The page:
Intellectual Property for Economic Development

Intellectual Property for Economic Development

KDI series in Economic Policy and Development

Edited by Sanghoon Ahn, Bronwyn H. Hall and Keun Lee

Protection of intellectual property rights (IPRs) serves a dual role in economic development. While it promotes innovation by providing legal protection of inventions, it may retard catch-up and learning by restricting the diffusion of innovations. Does stronger IPR protection in a developing country encourage technology development in or technology transfer to that country? This book aims to address the issue, covering diverse forms of IPRs, diverse actors in innovation, and diverse cases from Asia and Latin America.

Chapter 10: Mexico: auto industry and patenting in a technological dependent economy

Clemente Ruiz Durán

Subjects: economics and finance, development economics, intellectual property, law and economics, innovation and technology, intellectual property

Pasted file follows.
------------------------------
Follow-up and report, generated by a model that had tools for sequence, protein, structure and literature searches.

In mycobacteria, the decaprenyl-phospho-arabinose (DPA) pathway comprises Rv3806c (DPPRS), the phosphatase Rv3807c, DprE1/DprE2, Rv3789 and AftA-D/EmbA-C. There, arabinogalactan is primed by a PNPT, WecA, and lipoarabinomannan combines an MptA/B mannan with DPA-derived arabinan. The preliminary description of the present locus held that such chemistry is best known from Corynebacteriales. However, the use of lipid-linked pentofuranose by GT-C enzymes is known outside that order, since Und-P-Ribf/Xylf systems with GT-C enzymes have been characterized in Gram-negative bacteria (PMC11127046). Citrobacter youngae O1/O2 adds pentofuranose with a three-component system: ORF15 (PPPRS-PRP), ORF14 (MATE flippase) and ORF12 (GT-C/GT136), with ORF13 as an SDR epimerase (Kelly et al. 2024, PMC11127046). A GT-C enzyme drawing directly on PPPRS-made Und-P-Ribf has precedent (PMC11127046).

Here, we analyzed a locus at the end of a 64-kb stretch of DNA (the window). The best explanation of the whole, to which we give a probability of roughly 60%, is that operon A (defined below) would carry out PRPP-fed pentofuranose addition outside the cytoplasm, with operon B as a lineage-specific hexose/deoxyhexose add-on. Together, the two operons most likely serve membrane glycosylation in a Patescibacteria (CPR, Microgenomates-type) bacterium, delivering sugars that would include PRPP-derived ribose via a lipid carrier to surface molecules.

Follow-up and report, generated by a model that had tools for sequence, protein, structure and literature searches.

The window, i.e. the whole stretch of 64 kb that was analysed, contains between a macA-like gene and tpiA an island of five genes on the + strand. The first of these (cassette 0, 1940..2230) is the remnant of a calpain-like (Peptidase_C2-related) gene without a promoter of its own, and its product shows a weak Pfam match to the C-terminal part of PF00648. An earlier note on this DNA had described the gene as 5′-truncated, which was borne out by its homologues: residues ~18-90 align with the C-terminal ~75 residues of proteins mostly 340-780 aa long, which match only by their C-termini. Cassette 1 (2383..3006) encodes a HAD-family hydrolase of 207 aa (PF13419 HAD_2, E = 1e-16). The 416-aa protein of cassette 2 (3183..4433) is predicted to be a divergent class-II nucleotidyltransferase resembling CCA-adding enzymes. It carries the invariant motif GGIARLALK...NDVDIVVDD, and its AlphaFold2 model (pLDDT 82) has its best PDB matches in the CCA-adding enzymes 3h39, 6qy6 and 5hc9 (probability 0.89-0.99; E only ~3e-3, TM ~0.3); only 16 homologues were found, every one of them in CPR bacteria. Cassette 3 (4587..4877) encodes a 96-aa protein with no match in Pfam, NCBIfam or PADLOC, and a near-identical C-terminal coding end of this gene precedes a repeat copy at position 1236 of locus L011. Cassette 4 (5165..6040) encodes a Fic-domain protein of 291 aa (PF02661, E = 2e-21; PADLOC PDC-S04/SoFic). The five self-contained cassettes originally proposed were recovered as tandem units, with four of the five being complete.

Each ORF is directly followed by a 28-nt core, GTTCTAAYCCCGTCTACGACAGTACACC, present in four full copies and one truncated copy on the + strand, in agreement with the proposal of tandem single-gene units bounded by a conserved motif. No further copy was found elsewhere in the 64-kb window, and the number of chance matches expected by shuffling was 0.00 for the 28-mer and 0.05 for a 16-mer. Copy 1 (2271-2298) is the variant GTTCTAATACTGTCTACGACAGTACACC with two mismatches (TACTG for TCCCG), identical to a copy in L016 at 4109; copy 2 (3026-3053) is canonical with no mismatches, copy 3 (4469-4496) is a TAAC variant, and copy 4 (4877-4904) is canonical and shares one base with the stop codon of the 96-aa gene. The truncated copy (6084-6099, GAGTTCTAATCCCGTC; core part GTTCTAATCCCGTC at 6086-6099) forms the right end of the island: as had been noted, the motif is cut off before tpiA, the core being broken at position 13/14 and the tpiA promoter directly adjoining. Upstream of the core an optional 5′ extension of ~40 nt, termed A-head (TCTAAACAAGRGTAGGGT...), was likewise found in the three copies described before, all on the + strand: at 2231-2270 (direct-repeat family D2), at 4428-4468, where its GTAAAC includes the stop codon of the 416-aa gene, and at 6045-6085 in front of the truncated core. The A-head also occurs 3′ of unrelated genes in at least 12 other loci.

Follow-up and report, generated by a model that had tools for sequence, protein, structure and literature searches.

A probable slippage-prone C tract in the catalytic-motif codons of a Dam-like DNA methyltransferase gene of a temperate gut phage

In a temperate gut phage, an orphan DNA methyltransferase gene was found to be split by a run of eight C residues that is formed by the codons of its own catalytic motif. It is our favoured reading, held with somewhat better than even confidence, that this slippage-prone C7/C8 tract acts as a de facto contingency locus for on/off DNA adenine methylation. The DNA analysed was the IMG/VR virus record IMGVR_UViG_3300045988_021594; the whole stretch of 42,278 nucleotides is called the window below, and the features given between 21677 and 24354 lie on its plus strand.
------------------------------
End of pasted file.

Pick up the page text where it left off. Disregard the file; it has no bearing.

Extract

Mexico has become the eighth auto producer of the world; its top production was reached in 2012 with 3 million units, and is expected to continue growing surpassing other emerging economies. Auto industry has been at the core of the manufacturing modernization of the country in the last twenty years, relying on the investment and technology of foreign producers. In a previous paper (Ruiz 2009) we argued that transnational corporations (TNCs) have been an important means through which local producers have gained access to new technologies and management know-how. Strong business linkages between TNCs and local producers can generate a relationship of trust, alliance, cooperation, knowledge, technical knowledge, and skills. Local producers have gone through a learning process, in particular through supplier development in the auto industry. This process has been one of the most challenging tasks for Mexico, which has attained a semi-integrated auto industry with a large network of auto parts suppliers. Development has gone through different stages. In the period from the 1950s until the 1980s, capacities were developed in assembling; after the North American Free Trade Agreement (NAFTA) entered into effect, investment moved from assembly plants to auto parts production, in order to build up the second and third tier suppliers network required to produce a solid procurement process in Mexico.

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